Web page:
Senior business leaders fear South Africa’s new junk status will damage the economy and are generally aghast at last week’s political upheavals that started with a major Cabinet shake-up.
However, yesterday they were confident they can weather the fallout – with several banks reassuring the public they’re well capitalised. However, rebuilding private sector-government relations, like the CEO Initiative did after Nenegate, may be more difficult.
Mike Brown, CEO of Nedbank, said on Tuesday the sovereign credit rating downgrade was “disappointing” as the country was “shooting itself in the foot”.
The downgrade was a surprise as the economy was improving and moderate growth was expected.
“A few months ago, the forecasts for GDP growth were 1.2% or 1.5%, but now forecasts are coming in below 1%,” he said.
S&P said on Monday Zuma’s surprising and wide-ranging Cabinet reshuffle undermined SA’s policy certainty, growth and growth outcomes and was the primary reason for the downgrade.
Business and political leaders, including Cosatu, the SACP, ANC stalwarts and the ANC’s internal integrity committee are demanding Zuma’s resignation.
This comes after Brown and other senior South African executives, government and labour worked as part of the CEO Initiative to avoid a downgrade and to boost investor confidence.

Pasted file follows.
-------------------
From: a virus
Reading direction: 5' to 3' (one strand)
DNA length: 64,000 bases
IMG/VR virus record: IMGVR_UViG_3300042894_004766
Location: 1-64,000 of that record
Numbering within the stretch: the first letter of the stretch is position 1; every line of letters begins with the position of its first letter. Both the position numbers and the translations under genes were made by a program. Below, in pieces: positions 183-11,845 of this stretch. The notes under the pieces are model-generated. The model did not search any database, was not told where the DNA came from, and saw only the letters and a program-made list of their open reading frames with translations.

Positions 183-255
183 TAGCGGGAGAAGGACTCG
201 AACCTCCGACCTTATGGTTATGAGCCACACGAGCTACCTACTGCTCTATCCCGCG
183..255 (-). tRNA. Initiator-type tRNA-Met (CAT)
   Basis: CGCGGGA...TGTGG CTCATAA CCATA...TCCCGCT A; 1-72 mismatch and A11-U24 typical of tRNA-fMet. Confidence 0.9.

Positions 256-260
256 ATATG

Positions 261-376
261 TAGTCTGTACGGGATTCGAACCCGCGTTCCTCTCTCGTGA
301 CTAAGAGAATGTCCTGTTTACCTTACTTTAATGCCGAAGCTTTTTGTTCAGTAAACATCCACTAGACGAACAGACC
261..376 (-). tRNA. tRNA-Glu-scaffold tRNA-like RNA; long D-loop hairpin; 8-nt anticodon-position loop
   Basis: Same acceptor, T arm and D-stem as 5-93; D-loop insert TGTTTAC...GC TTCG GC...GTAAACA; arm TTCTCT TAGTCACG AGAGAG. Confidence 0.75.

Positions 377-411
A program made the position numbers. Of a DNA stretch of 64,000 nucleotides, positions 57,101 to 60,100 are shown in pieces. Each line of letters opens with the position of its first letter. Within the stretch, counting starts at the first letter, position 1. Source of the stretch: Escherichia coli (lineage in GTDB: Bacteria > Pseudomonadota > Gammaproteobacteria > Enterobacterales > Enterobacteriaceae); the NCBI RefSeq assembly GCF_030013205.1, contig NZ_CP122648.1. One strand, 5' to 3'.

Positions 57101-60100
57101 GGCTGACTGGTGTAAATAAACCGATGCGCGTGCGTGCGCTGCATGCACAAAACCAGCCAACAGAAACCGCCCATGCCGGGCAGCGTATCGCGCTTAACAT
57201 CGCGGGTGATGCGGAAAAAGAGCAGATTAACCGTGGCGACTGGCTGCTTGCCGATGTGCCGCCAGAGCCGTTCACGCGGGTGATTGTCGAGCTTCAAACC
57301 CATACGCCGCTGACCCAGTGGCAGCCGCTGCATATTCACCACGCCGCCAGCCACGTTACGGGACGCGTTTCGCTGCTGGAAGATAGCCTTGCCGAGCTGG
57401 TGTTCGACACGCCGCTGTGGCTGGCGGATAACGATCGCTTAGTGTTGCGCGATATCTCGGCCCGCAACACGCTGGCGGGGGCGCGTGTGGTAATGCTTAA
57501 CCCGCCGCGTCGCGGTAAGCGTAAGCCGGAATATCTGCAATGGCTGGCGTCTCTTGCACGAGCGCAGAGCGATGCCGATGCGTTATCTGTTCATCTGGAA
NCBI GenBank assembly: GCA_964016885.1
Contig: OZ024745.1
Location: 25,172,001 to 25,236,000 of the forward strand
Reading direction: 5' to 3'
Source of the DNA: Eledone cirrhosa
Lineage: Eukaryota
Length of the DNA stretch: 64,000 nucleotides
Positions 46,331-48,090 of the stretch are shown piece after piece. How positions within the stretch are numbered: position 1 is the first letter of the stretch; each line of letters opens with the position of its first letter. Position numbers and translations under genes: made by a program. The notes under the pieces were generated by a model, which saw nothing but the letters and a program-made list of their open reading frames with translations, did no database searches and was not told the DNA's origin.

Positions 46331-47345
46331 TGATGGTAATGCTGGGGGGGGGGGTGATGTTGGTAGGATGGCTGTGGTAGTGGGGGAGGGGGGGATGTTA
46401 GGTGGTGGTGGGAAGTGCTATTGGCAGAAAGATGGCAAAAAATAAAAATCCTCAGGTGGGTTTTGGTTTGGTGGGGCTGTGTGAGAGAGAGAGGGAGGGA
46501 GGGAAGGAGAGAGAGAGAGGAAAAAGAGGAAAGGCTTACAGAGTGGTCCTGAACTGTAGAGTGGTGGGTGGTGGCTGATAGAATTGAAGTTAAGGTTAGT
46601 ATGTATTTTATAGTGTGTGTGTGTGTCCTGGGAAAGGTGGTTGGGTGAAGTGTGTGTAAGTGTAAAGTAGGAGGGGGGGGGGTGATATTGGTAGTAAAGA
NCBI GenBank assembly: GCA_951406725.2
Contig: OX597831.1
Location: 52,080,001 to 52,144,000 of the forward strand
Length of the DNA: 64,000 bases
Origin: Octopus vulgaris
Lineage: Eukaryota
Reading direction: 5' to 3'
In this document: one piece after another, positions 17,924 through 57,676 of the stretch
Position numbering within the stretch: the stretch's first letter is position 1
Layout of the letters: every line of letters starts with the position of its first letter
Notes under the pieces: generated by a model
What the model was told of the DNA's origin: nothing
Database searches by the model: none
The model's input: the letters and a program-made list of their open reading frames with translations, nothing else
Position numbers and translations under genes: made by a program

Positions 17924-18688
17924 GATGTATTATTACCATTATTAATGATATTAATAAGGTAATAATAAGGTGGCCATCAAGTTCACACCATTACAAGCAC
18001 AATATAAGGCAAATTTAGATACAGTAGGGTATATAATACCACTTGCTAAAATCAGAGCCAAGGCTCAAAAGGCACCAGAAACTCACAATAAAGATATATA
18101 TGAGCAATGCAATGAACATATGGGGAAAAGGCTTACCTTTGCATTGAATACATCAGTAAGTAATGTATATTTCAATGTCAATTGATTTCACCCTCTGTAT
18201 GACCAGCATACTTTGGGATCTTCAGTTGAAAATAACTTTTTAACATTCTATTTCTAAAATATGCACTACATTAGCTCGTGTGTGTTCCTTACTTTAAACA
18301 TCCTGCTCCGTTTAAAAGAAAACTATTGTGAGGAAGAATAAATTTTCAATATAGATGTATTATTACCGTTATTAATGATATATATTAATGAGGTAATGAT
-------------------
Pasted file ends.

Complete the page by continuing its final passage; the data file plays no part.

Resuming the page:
The CEO Initiative was formed after the president fired Nhlanhla Nene as finance minister in December 2015.
The initiative is a platform to work with key stakeholders to avoid a downgrade and to boost investor confidence.
Pravin Gordhan, axed as finance minister last week, played a critical role in the establishment of this initiative, which managed to convince the three major rating agencies for more than a year to retain SA’s investment grade status.
Brown said the downgrade was a setback to turnaround initiatives. “All of the financial markets were pricing in that we were able to avoid a downgrade. It means our work … is going to get harder than it needed to have been.”
On a consumer level, a downgrade will result in higher interest rates and inflation in the long term, eroding spending power.
“The downgrade will make South Africans poor. If people are not feeling confident, there will be less investment. Growth rates and employment levels will be lower than they should be,” said Brown.
A downgrade is also a setback for the government as it currently has R2 trillion in public debt, of which 10%, or R220 billion, is in foreign currency. A downgrade for government means that its borrowing costs to fund its investment initiatives will rise.
The president of Business Unity South Africa, Jabu Mabuza, called for urgent reassessment by the government.
Fitch, meanwhile, has the country’s sovereign rating one notch above “junk”, while Moody’s Investors Service has SA two levels above junk, with a negative outlook.
Brought to you by Moneyweb